If you're looking from a point of view of a web designer, sure, it's a lot easier and faster to create dynamic sites. And the tools have become more sophisticated all the time to make it more user-friendly and attractive to search engines.
But from a retailer's point of view, I think you guys are missing an important element, and that is the organic "feel" of the site.
The reason some retail stores do well and other do not is the "feel" of the store when you walk in. It's an art, not a science. Dynamic sites have a tendancy to have a clinical feel to them, almost manufactured (which they are), whereas static sites are more likely to exude a more living feel to them, even while retaining the basic "look and feel" of the rest of the site.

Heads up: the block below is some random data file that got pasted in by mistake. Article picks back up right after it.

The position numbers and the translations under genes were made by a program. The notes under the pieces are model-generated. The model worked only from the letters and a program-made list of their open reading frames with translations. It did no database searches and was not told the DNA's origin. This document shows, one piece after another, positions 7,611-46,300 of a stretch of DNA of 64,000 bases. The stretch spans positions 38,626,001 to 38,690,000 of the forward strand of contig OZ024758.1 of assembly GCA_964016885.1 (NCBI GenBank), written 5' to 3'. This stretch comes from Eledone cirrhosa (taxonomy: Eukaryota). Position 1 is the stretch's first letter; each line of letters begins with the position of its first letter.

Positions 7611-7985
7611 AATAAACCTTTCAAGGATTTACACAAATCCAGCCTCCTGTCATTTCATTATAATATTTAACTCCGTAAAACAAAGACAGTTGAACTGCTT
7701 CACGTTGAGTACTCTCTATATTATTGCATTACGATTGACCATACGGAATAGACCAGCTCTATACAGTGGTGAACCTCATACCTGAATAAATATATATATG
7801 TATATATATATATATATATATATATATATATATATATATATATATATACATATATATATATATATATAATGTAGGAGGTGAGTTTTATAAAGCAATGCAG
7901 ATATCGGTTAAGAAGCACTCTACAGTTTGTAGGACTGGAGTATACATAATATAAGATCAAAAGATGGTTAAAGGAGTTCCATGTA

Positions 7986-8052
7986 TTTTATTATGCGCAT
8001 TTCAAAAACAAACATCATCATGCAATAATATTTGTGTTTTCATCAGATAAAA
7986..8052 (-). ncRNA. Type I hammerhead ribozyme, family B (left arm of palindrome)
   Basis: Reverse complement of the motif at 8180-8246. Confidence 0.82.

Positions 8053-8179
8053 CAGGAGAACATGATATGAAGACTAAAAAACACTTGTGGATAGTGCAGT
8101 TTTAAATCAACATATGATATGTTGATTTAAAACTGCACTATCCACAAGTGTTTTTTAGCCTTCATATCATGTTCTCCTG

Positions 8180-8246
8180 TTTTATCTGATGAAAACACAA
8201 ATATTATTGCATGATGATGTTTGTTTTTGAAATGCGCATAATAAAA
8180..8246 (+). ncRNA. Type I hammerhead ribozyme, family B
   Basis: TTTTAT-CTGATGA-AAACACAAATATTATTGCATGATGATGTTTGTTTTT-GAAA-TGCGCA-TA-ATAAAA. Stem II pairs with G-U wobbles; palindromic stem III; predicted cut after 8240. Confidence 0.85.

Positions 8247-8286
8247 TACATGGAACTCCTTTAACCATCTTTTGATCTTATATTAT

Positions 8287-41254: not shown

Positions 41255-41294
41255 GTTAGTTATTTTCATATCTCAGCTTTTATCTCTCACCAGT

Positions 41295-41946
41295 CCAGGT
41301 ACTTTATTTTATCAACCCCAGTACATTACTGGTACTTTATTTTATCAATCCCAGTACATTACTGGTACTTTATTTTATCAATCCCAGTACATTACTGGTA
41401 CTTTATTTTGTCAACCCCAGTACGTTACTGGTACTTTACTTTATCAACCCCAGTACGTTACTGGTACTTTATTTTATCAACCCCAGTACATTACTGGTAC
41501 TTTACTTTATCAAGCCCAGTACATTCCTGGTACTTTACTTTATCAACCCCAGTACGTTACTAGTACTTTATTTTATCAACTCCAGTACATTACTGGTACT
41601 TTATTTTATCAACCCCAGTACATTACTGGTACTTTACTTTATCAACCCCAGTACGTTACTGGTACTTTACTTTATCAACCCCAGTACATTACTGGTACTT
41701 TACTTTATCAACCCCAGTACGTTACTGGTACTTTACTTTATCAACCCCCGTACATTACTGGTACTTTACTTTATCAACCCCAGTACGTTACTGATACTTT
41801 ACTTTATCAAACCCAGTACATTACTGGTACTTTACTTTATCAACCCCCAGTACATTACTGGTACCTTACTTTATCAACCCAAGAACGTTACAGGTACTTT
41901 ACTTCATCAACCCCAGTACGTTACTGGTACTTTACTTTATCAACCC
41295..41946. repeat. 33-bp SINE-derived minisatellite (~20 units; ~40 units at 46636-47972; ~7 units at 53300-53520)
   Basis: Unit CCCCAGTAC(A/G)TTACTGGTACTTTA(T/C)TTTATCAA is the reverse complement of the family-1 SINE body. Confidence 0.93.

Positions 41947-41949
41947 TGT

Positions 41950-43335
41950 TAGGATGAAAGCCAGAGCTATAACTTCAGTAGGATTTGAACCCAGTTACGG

It's the little things that make a difference that are hard to produce with a dynamic formula.
As for large sites, some of my sites have over 300 pages -- all static. Yeah, it took a while, but once done, it was worth it from the customer's point of view.